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UPDATE:

Warren up over Biden in national poll day before Ohio debate

Published: Monday, October 14, 2019 @ 3:01 PM
Updated: Monday, October 14, 2019 @ 3:01 PM

FILE - In this Oct. 2, 2019 file photo, Democratic presidential candidate Sen. Elizabeth Warren, D-Mass., speaks during a gun safety forum in Las Vegas. Bernie Sanders and Elizabeth Warren raked in more cash over the past three months than any of their Democratic rivals.
AP Photo/John Locher
FILE - In this Oct. 2, 2019 file photo, Democratic presidential candidate Sen. Elizabeth Warren, D-Mass., speaks during a gun safety forum in Las Vegas. Bernie Sanders and Elizabeth Warren raked in more cash over the past three months than any of their Democratic rivals.(AP Photo/John Locher)

As 12 Democratic presidential candidates prepare for Tuesday night’s debate near Columbus, a new national poll shows Sen. Elizabeth Warren up slightly over former Vice President Joe Biden in the Democratic race for president.

The Quinnipiac University poll released Monday afternoon has Warren at 30% and Biden at 27%. Vermont Sen. Bernie Sanders is third at 11%. South Bend, Ind. Mayor Pete Buttigieg at 8%. California Sen. Kamala Harris is at 4%. No other candidate tops 2%.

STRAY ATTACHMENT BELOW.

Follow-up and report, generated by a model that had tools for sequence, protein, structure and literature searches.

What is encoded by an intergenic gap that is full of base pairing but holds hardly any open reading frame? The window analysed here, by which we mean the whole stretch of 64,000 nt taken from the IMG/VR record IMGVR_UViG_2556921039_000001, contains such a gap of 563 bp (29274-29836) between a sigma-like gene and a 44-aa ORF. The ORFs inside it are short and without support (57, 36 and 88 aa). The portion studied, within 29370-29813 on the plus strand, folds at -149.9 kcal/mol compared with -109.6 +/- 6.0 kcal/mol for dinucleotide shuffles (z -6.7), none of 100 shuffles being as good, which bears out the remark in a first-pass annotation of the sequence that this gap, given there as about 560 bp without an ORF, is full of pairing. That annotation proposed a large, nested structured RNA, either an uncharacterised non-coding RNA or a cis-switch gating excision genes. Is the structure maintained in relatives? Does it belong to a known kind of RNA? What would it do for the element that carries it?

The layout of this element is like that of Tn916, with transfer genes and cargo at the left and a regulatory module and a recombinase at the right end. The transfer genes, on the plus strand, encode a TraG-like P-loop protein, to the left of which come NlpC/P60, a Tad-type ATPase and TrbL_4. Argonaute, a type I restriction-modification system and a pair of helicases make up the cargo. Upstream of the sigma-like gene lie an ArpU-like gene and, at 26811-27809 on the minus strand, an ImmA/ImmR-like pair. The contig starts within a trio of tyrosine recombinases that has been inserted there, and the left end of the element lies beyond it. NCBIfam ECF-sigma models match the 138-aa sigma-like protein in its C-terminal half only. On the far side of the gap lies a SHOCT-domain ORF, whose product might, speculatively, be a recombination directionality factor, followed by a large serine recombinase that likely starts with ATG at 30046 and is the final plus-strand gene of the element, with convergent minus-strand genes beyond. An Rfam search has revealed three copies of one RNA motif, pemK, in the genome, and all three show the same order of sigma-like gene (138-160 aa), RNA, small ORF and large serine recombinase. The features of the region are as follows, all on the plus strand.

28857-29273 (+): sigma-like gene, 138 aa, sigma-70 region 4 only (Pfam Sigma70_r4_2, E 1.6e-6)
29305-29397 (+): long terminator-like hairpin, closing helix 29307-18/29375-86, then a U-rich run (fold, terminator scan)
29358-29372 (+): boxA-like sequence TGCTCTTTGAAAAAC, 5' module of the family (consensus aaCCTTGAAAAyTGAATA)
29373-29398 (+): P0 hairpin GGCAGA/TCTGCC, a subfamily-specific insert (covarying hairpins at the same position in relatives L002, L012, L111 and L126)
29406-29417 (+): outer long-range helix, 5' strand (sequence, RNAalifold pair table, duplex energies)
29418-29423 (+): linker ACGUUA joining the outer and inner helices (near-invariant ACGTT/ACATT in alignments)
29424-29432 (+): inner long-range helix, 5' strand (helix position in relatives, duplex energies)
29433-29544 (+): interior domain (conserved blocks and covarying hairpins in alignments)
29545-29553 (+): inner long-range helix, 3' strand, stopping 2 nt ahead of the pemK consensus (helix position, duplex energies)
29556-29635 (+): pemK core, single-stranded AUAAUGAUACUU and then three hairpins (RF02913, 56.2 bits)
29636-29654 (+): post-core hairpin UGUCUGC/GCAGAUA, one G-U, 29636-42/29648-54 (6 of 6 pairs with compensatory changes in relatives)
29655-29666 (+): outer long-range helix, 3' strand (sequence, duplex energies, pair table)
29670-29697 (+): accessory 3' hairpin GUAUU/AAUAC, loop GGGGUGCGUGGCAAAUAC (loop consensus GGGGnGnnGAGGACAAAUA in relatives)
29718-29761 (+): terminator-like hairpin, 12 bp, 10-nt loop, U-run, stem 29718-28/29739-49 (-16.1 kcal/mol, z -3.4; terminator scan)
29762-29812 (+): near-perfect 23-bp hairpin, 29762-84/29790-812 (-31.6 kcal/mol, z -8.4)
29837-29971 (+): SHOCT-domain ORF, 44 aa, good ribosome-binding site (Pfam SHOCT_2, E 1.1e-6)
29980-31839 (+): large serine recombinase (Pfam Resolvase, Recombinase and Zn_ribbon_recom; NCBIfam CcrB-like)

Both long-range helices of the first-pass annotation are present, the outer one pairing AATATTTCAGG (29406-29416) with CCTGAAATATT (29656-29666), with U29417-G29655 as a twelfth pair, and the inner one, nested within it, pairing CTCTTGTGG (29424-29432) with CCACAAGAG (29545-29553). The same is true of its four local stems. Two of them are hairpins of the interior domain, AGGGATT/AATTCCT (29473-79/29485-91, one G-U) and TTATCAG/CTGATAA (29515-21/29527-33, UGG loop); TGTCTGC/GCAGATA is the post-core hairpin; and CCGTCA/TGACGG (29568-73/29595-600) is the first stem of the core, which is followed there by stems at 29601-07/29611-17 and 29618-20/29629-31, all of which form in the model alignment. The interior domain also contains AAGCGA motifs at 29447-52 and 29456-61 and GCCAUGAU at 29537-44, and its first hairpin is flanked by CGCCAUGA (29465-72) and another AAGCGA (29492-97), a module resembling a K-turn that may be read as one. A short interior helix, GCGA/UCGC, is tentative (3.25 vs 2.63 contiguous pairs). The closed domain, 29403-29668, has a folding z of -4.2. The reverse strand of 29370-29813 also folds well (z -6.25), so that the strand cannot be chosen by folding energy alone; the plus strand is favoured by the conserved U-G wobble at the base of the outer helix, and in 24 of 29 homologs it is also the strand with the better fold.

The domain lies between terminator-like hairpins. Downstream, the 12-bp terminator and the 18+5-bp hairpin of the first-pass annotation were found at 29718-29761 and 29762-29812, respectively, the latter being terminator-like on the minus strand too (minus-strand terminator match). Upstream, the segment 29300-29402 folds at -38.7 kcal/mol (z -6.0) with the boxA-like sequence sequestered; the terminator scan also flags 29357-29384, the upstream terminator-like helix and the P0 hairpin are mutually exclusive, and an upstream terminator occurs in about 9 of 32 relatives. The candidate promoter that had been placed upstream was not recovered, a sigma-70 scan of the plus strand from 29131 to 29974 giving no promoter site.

You can listen to Tuesday’s  debate on 1290 and 95.7 WHIO, with special LIVE coverage beginning at 7 pm.  The candidates are debating at Otterbein University near Columbus.

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The poll results compare to an October 8 poll from Quinnipiac University, in which Warren received 29 percent, Biden got 26 percent, and Sanders had 16 percent of the vote.
"For Senator Warren, the third straight time essentially tied at the top is the charm," said Quinnipiac University Polling Analyst Tim Malloy. "Her candidacy clearly has staying power going into the debate."

In this Oct. 10, 2019, photo, Democratic presidential candidate Sen. Elizabeth Warren, D-Mass., speaks during the Power of our Pride Town Hall in Los Angeles.(AP Photo/Marcio Jose Sanchez)

More information from the poll: